Complementary and Alternative Medicine: Canadian Physiatrists' Attitudes and Behavior

Complementary and Alternative Medicine:
Canadian Physiatrists' Attitudes and Behavior

This section is compiled by Frank M. Painter, D.C.
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FROM:   Arch Phys Med Rehabil 2000 (May);   81 (5):   662667

Ko GD, Berbrayer D

Department of Medicine,
Sunnybrook and Women's College Health Science Centre,
University of Toronto,
Ontario, Canada

OBJECTIVE:   To document the prevalence and patterns of knowledge about, referrals to, training in, and practice of complementary and alternative medical therapies and their perceived effectiveness by a sample of Canadian physiatrists.

DESIGN:   Cross-sectional survey by written questionnaire.

SETTING:   Physiatrists in the province of Ontario, Canada.

SUBJECTS:   All 116 physiatrist/rehabilitation specialists listed in the Ontario Medical Association directory. Data were obtained from 98 respondents.

MAIN OUTCOME MEASURES:   Statistical analysis of responses in these areas: attitudes, knowledge, and recommendations about alternative therapies, and clinical approach including referral pattern, training, and practice of alternative medicine.

RESULTS:   Of the respondents, 72% reported referring patients for alternative medicine therapies, and 20% had training in and 20% practiced some form of alternative medicine. The therapies rated highest in usefulness were acupuncture (85%), biofeedback (81%), and chiropractic (80%). Sixty-three percent believed that alternative medicine had ideas and methods that would be of benefit to physiatrists. Only 9% believed it to be a threat to public health. A greater proportion of physiatrists who refer were women, were younger, had graduated more recently, and scored higher in their ratings of more useful alternative medicine therapies. Previous training in alternative medicine was correlated with a higher practice rate but not with referral rate. Practice profile and academic affiliation were not associated with greater or less use of alternative medicine.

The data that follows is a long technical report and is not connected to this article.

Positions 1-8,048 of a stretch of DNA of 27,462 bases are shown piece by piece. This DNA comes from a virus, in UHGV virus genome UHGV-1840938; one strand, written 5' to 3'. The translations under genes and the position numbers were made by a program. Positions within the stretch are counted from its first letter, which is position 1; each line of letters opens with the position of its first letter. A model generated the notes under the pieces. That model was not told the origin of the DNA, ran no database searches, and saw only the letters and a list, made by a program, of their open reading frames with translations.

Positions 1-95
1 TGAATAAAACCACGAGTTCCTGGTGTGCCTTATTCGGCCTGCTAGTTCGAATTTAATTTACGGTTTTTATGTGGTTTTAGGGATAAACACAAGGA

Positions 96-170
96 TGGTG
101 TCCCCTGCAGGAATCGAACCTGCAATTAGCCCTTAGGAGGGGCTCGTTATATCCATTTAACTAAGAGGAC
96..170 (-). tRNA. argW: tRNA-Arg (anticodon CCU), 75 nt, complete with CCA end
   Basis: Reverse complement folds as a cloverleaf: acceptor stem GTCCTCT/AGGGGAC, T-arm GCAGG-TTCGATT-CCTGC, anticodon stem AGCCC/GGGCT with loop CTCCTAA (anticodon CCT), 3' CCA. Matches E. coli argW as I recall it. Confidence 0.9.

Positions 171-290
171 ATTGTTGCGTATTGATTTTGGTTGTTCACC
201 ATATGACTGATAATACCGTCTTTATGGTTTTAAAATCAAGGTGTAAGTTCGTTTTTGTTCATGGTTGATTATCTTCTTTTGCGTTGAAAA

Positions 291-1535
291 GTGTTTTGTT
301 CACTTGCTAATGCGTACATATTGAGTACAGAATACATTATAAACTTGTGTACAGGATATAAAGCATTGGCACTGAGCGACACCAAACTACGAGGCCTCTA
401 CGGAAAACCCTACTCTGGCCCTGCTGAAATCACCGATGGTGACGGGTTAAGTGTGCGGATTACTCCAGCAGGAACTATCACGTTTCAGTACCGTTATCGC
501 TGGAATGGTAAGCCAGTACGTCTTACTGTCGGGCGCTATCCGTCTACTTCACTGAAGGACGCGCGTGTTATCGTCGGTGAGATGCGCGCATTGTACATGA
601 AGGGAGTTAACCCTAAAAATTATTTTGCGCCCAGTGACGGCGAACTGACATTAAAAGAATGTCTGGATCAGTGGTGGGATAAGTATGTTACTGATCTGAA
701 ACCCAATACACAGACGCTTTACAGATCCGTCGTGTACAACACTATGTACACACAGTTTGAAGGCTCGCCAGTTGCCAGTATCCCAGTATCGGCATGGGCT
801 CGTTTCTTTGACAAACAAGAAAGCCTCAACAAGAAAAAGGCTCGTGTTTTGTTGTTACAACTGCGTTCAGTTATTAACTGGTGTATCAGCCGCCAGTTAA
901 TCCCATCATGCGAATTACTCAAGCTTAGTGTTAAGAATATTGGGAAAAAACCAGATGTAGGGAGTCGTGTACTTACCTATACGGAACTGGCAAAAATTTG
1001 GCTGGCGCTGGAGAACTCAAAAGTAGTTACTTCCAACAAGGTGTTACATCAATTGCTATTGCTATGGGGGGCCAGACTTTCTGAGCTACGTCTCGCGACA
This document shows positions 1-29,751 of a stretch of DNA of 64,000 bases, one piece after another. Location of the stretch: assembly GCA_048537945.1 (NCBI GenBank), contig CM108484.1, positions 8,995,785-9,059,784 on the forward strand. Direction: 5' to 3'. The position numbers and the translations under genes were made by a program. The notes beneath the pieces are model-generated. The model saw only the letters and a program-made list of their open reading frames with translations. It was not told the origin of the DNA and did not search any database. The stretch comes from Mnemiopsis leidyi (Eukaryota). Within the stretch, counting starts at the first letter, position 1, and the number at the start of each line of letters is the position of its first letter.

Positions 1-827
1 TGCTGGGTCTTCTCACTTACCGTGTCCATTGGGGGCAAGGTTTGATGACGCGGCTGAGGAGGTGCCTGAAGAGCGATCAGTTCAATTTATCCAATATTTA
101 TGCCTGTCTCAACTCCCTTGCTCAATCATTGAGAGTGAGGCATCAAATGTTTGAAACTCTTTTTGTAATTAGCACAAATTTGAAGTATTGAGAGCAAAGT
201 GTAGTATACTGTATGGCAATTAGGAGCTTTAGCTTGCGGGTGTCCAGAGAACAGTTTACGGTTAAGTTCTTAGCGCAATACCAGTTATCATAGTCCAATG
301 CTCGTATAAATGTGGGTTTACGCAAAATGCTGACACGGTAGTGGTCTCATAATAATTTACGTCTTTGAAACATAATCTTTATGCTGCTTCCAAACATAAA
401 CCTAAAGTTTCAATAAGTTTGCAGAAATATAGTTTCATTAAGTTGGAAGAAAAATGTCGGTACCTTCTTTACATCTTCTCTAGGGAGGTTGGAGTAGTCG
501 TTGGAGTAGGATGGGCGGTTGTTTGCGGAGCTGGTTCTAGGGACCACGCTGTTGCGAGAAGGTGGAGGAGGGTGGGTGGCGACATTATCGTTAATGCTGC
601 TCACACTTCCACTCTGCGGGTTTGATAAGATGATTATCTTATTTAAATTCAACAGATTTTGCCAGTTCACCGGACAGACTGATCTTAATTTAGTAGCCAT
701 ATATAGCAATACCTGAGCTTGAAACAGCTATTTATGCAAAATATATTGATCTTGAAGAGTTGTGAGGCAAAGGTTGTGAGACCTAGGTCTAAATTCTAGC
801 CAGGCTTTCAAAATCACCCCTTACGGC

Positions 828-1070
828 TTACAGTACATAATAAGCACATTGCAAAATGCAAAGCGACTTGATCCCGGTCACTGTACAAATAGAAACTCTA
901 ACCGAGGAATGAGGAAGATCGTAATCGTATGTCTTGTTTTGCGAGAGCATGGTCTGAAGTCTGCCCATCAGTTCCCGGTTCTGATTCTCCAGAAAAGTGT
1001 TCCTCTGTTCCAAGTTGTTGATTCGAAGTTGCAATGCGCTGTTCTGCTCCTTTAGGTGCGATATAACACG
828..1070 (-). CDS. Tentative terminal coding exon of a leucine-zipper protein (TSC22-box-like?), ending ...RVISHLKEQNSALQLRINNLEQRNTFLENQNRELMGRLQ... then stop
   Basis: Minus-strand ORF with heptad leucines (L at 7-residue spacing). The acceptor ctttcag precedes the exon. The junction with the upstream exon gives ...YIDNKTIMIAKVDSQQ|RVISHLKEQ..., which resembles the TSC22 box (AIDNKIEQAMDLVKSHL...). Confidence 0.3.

CONCLUSION:   In Ontario, physiatrists report greater knowledge of and more use of alternative medicine therapies than do general practitioners. The most commonly used therapies are acupuncture, biofeedback, and manipulation (chiropractic, osteopathy). It is recommended that these approaches be taught in physiatry residency training and be the focus of future research. Incorporating such therapies into practice will help to meet the public demand for such approaches in the decade to come.


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